Thursday, March 15, 2007

Let’s cover an old tune!

Sometimes, the pull of banging through an old tune with bigger, fatter, chunkier, sexier (whatever) sounds gets too much for an artist, and they commit what can be one of the worst sins in music, ie. the cover version.

Now, sometimes they work (see almost anything of Bob Dylan’s done by other people), but most of the time they don’t (Robbie Williams ‘doing’ swing or blaspheming the memory of Saint Freddie by laying a cable on the altar of rock that is We Are The Champions, the Sugababes/Girls Aloud raping of Walk This Way for Comic Relief and so forth). Sometimes they can be funny, sometimes they can add another dimension to a song that you hadn’t previously realised was there and very, very rarely can take your breath away (Eva Cassidy’s breathtaking rendition of Somewhere Over the Rainbow springs to mind).

“What brings you on to this subject?” I hear the sum total of no-one ask. “Well,” I reply to the corner of my lavishly padded cell, “it was this post by Will D, so blame him.”

Cover versions of films or old TV shows. Not that it hasn’t been done, and probably really well in some places, but maybe it might be an idea to come up with some new ideas. Or am I going to get a kicking for suggesting that? I don’t mean agonising over well-thumbed copies of Joseph Campbell story-analysis or berating oneself for plagiarising things like, ooh, having a story with a beginning, middle and end. If you must take inspiration from an old idea, why no ditch the name and use the basic concept as a launch-pad? I really don’t think that there’s as much cachet in old TV show names as middling marketing executives have told their bosses there is. In order to make their jobs seem, in some small and oleaginous way, worthwhile.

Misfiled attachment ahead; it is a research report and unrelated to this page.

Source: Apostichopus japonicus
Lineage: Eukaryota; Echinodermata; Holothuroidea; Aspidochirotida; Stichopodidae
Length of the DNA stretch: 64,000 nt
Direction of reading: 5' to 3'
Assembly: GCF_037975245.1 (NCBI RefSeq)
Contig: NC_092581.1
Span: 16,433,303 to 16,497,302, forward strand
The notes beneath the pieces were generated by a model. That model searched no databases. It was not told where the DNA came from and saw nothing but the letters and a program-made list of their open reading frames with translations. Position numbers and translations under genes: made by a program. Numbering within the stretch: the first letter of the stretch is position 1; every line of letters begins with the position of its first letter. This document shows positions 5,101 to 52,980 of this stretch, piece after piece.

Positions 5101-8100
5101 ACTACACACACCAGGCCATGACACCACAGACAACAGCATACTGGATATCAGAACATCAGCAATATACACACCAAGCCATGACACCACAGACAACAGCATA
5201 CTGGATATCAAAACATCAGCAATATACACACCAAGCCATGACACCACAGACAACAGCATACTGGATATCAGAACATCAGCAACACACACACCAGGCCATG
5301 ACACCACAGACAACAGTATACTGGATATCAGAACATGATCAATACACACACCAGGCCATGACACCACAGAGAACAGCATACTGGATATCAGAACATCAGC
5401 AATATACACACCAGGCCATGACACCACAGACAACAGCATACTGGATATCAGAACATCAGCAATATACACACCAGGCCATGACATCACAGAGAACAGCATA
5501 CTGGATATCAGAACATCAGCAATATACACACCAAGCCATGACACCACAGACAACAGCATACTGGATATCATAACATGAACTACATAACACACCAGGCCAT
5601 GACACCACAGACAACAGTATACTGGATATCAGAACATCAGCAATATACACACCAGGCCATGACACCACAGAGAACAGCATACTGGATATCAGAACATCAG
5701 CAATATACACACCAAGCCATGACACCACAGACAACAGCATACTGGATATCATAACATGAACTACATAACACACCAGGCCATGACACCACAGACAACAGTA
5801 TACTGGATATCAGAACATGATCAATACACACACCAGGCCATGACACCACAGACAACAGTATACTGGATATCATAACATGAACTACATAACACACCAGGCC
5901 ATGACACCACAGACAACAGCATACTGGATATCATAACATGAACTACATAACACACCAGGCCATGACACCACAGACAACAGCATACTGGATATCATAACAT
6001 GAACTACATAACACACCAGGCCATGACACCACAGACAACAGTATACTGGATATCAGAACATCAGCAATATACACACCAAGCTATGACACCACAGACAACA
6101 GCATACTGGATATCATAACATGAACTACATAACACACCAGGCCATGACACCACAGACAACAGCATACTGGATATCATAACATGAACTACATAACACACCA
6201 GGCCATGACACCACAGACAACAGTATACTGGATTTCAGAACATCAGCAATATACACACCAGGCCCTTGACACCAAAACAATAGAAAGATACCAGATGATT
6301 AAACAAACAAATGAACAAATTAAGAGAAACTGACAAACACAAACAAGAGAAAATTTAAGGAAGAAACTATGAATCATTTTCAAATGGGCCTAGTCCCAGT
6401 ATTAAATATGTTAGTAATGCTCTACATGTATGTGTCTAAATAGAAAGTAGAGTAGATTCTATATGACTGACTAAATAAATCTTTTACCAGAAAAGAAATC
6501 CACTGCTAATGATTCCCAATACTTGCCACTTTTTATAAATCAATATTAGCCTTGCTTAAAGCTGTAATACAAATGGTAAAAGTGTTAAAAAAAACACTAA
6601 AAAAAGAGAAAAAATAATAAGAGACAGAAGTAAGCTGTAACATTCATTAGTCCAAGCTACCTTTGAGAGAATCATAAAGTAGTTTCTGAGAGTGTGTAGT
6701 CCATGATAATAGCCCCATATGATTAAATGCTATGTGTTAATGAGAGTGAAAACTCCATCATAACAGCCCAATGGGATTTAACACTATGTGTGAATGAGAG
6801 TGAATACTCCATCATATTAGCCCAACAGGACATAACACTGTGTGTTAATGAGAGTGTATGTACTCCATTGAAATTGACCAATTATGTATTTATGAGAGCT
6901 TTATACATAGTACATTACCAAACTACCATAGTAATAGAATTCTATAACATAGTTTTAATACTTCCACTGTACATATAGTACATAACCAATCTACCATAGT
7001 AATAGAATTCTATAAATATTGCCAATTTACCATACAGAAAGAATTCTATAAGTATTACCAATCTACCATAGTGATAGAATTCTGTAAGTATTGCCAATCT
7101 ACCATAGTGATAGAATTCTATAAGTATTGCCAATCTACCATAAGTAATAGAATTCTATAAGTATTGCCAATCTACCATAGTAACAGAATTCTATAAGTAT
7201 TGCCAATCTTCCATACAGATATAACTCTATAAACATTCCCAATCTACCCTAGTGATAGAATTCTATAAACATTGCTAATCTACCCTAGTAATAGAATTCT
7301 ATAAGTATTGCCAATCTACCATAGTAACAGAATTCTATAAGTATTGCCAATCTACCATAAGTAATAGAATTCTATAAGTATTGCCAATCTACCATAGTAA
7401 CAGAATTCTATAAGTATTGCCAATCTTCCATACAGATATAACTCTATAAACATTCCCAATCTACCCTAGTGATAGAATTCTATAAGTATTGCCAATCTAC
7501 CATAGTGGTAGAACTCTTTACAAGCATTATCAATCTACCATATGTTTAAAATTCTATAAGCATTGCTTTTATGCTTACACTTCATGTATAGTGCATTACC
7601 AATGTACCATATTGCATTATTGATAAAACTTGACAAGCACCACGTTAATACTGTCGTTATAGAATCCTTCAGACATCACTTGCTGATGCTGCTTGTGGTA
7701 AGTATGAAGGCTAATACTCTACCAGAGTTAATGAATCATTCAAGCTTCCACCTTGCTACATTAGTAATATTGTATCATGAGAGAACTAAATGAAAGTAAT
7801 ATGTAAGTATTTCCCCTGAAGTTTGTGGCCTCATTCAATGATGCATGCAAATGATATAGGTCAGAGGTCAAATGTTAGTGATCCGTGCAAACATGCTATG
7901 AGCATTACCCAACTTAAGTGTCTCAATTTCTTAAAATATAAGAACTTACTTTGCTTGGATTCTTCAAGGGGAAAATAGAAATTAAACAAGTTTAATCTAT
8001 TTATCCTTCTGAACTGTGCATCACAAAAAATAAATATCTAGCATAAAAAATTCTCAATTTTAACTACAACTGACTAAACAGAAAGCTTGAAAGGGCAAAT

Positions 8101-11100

What musos have known for years is that, generally speaking, cover versions rarely hold a candle to the original. This is, in my opinion, to do with the writer/original artist’s intimate knowledge of the truth of the piece. Pretentious as that sounds, give it a moment’s thought. Would you feel the sentiments behind a given tune as well as the writer? There may well be huge chunks of the song that resonate with something that happened in your life at the time you first heard it. It may well lyrically sum up some aspect of your emotional journey through life, or may just have an atmosphere that moves you incredibly (Radiohead’s Fake Plastic Trees has always been able to move me to tears, but the lyrics themselves are a bit on the incomprehensible side).

However, while I may be able to do a bit of investigation of the how and why Thom Yorke arrived at that performance, it’ll all be academic. It won’t turn me into him, and it won’t give me any clues to a way of re-recording the tune and improving it. This would seem to be the point of doing a cover - if you can bring something new and innovative to the table, give it a blast.

This doesn’t mean that several ‘flawed but nonetheless excellent’ covers should be binned because the originals are so good (Tori Amos did a starkly bleak version of Smells Like Teen Spirit which worked, while a UK disco artist Annabel did a version* which was appalling). Peter Gabriel, certainly an individual artist known for pushing the boundaries of production and exploring new sonic territories, was asked to perform John Lennon’s Imagine at the opening ceremony of the Winter Olympics in 2006. Sadly, Big Pete took the tune and proceeded to drop a barge on it. Ugh.